He's already started more games than Hall of Fame quarterbacks Joe Namath (129), Kurt Warner (116), Otto Graham (114) and Roger Staubach (114). 

    Pretty soon, it'll be too late to reverse the damage he's done to his legacy. 

    Nobody can take Ryan's accolades away from him. He can now say he's a first-team All-Pro, an Offensive Player of the Year, the league's MVP in 2016, and—at the very least—a four-time Pro Bowler. He holds the fifth-highest single-season passer rating in NFL history (117.1 in 2016) and is the 11th-highest-rated qualified passer of all time (93.6). 

    But for the better part of a decade, he has flopped during the vast majority of his signature moments. And unfortunately for Ryan, those who judge him aren't wired to remember numbers. We're wired to remember big moments.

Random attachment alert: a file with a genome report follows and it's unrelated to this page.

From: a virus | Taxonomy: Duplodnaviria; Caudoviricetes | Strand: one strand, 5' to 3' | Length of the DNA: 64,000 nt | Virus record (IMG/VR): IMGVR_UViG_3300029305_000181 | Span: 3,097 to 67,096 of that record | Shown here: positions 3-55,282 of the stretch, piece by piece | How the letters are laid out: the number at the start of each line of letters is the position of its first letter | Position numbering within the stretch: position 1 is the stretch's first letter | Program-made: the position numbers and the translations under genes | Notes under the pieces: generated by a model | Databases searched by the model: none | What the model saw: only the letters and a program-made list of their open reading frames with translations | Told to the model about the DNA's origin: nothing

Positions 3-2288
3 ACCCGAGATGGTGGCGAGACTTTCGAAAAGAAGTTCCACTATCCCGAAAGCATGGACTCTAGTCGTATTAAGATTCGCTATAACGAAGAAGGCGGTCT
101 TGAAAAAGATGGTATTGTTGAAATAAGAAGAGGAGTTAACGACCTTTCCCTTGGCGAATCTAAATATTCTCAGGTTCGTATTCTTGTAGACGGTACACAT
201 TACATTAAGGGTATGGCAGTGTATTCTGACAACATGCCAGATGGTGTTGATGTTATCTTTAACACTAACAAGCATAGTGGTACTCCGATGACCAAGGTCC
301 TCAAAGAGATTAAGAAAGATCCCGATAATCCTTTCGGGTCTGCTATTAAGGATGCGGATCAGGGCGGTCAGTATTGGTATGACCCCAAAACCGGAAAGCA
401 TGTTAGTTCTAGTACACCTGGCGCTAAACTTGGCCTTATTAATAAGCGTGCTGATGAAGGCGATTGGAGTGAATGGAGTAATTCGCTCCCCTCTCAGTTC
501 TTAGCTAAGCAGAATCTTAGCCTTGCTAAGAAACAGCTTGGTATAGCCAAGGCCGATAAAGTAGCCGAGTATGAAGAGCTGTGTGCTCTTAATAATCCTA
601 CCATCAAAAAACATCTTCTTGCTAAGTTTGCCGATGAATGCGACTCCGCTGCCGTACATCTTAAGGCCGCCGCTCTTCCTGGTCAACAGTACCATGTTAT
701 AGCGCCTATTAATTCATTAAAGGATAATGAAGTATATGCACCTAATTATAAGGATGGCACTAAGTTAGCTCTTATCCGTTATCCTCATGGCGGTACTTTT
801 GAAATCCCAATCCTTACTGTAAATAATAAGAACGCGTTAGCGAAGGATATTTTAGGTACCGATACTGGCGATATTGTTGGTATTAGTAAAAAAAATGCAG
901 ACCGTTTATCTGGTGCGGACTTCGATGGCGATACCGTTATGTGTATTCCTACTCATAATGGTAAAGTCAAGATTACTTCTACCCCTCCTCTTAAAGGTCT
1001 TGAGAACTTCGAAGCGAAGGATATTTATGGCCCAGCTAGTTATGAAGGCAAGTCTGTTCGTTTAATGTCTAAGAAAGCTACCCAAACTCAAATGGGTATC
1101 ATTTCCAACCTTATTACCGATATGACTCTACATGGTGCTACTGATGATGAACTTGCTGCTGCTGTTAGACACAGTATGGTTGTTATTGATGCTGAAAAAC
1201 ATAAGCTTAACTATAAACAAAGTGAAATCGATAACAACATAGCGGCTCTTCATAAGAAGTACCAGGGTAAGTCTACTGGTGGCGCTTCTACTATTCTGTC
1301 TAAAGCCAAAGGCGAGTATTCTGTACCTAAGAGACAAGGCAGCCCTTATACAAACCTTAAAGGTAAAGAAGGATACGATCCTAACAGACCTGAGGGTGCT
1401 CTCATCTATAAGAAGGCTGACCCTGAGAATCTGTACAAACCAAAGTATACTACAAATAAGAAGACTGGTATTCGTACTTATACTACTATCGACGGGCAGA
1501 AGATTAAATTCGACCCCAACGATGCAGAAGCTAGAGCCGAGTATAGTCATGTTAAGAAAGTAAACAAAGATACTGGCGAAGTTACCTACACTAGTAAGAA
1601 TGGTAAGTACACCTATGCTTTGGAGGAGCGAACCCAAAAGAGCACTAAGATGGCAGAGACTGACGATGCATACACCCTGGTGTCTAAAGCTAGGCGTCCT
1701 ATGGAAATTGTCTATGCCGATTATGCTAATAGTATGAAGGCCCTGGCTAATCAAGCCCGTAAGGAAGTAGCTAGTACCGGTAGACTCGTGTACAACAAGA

Big moments and Ryan haven't usually gotten along, and he's only got so many left. There's a chance he never reaches a Super Bowl again, which would make it impossible to achieve redemption. But if he does get another opportunity, he'll have to be practically perfect. 

    Otherwise, Matt Ryan will forever be remembered as a great quarterback who couldn't get it done when it mattered most. 

                 

    Brad Gagnon has covered the NFL for Bleacher Report since 2012. All advanced stats courtesy of Pro Football Reference unless otherwise noted.